Of all the “stories” told in this episode, I felt Dougal’s was one of the most interesting. You just knew his zeal and desire for glory wasn’t going to end well. His hopes for Scotland and a Stewart restored to the throne were based on an idea that just didn’t match reality. Prince Charles’ idea of what this battle is about does not match with Dougal’s idea of England as the enemy, but Dougal doesn’t know that. The Prince is fighting for the restoration of a kingdom, a faith, and his father’s approval. Dougal fights for a free Scotland. The enemy is easy for Dougal to identify, but the Prince doesn’t see it as Dougal presumes and the Princes repeated belief that the English are his father’s subjects and the highlander’s brothers confuses the issue for everyone. Dougal has a romanticized idea of the Prince, I felt sick to my stomach when I saw the look of awe and humble gratitude on Dougal’s face when the prince hugged him and for what this selfish young royal’s desires meant for this war and what that then in turn meant for the future of Dougal’s beloved Scotland. In short, Clan McKenzie’s war chief has committed himself body and soul to something that doesn’t exist. The result can only be decisions and actions that will be disastrous for himself and others.
CLAIRE AND JAMIES’ DESPERATION
I was so moved by the interaction between these two in this episode. They truly are good and honorable people who are trying to make the best of a horrible situation. Everything they do is colored by the knowledge that the “promise of history” is not in their favor and I could feel their desperation. It is a desperate state of affairs. Every touch, every look, every word was filled with poignancy. I wanted to reach through the screen and hold them both as Claire held wee Fergus. They have no choice, but to move forward and try to effect change and make decisions to save those they love despite their knowledge of the future. They have no idea if the decision to turn right or left, do this or do that, will be a sound decision or one that will lead them closer to the abyss that is Culloden Moor. Even Jamie’s incredulous joy that the battle was won so quickly with so little loss of life was tempered with the knowledge that it was written and might be the harbinger of the future.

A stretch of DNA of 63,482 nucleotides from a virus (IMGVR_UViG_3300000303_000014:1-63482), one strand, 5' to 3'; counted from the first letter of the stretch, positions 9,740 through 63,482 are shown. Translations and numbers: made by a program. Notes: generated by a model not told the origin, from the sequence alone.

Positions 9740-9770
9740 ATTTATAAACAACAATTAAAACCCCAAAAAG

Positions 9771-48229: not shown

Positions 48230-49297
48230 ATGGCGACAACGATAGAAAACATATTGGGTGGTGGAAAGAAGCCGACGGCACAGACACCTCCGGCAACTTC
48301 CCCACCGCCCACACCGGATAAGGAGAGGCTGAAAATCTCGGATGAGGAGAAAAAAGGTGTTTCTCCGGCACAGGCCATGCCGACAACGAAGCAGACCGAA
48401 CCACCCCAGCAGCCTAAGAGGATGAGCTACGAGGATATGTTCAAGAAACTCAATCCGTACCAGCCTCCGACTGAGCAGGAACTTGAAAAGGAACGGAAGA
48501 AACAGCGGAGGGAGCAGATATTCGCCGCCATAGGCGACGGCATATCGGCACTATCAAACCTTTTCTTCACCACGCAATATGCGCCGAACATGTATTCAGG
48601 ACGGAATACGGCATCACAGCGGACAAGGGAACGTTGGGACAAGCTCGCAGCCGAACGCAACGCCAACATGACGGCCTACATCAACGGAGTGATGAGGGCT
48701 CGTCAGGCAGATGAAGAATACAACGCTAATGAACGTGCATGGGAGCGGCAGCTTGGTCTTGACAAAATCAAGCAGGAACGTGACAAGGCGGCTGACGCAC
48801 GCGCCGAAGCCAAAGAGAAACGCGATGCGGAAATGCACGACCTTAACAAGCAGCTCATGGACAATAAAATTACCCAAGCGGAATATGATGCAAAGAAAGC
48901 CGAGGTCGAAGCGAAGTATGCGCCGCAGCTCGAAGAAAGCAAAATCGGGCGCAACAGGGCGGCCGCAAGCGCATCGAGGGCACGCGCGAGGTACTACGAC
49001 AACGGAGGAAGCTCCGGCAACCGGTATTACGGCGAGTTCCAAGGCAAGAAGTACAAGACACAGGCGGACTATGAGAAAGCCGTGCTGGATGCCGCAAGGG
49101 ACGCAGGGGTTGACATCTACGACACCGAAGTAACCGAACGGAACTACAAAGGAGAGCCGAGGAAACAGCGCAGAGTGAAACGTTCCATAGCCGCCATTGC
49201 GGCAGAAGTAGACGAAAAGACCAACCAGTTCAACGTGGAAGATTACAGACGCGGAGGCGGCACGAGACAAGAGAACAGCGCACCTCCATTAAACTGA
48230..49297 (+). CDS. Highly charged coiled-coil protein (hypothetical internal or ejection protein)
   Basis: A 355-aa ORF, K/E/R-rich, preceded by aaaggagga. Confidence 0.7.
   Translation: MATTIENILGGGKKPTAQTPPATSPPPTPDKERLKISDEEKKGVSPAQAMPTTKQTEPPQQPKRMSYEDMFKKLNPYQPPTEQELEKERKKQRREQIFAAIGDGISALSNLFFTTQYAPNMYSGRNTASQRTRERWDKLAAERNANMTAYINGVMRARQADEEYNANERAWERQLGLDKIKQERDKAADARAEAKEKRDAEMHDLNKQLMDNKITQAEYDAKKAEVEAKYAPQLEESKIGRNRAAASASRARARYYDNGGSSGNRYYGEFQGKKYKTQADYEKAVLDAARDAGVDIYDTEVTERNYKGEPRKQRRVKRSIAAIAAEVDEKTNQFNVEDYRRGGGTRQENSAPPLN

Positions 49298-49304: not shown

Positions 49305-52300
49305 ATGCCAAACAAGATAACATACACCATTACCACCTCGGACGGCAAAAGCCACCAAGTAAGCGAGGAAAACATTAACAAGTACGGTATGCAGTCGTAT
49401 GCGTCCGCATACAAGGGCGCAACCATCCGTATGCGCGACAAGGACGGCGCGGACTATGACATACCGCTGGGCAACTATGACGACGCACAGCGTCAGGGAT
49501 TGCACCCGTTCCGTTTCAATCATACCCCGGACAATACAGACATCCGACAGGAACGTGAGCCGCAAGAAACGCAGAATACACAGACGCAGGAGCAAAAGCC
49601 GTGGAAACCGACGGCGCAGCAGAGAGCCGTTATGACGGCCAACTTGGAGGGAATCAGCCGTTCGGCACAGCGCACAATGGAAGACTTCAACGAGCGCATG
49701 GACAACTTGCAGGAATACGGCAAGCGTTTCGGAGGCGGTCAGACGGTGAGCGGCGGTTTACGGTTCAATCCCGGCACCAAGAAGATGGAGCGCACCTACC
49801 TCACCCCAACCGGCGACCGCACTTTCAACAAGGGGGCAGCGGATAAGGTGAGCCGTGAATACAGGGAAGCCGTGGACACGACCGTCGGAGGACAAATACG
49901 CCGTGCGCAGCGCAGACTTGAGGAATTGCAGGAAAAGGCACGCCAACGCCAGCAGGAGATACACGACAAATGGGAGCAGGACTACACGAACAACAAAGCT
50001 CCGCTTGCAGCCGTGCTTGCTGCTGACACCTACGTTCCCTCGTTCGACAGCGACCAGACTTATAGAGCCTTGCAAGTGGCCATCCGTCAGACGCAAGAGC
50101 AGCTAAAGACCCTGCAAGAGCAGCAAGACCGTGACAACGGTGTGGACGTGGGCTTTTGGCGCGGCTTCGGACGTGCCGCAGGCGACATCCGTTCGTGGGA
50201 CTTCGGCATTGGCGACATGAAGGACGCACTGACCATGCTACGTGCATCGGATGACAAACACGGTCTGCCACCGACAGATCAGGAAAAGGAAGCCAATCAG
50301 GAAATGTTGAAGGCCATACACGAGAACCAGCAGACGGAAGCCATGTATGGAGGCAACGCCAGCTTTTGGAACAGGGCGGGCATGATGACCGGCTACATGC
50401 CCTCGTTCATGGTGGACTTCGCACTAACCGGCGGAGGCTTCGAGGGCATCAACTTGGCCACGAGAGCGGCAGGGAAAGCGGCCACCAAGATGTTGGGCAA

There were so many wonderful moments between these characters. Jamie giving Dougal his opportunity to shine before Prince Charlie and then rescuing him from banishment and disgrace, Rupert and Angus’ touching attempts at intimacy, Claire and Jamie’s moving moments of goodbye before the battle, and… Murtaugh and Jamie. I was struck by Murtaugh’s loyalty and his life of sacrifice. He tells us that when you fight for your clan every man has a part to play and if you are forced to wound or kill or be killed yourself you would know your memory would live on in your clan and your death would have meaning. He knows he goes to war without that close connection and purpose and he fears his death will go unnoticed and his sacrifice will mean nothing. He knows the future too and he knows that because they failed to stop the rising they face almost certain defeat and maybe…a meaningless death. But, despite this knowledge he too fights on because of his own integrity and loyalty and for love of Jamie.
“Watch over Jamie” asks Claire.
“Always” assures Murtaugh.
LOYALTY AND FIGHTING FOR A CAUSE
The cost of war is always in lives, future and love lost. In the end, it is the equalizer. In the end, we all value and fight for the same things and are destroyed by its loss whether you’re a Fraser or a McKenzie, a lieutenant or prince, a crofter or a war chieftain. The episode’s writer, Ira Behr reminded us from the opening scene that the wages of war are death with the image of a highlander lying dead and swollen alone in the woods and in the end, with Angus newly gone covered in his own blood and surrounded by the helpless ones who loved him.
In the end, I too could predict what would happen to the characters dreams and fears in this episode because of a universal truth the show so wonderfully and effectively allowed us to see, “war tastes bitter no matter the outcome”. The song to life sung by Rupert and the crofter was a song sung for all of us. Love and live life well while you can because death comes for us all.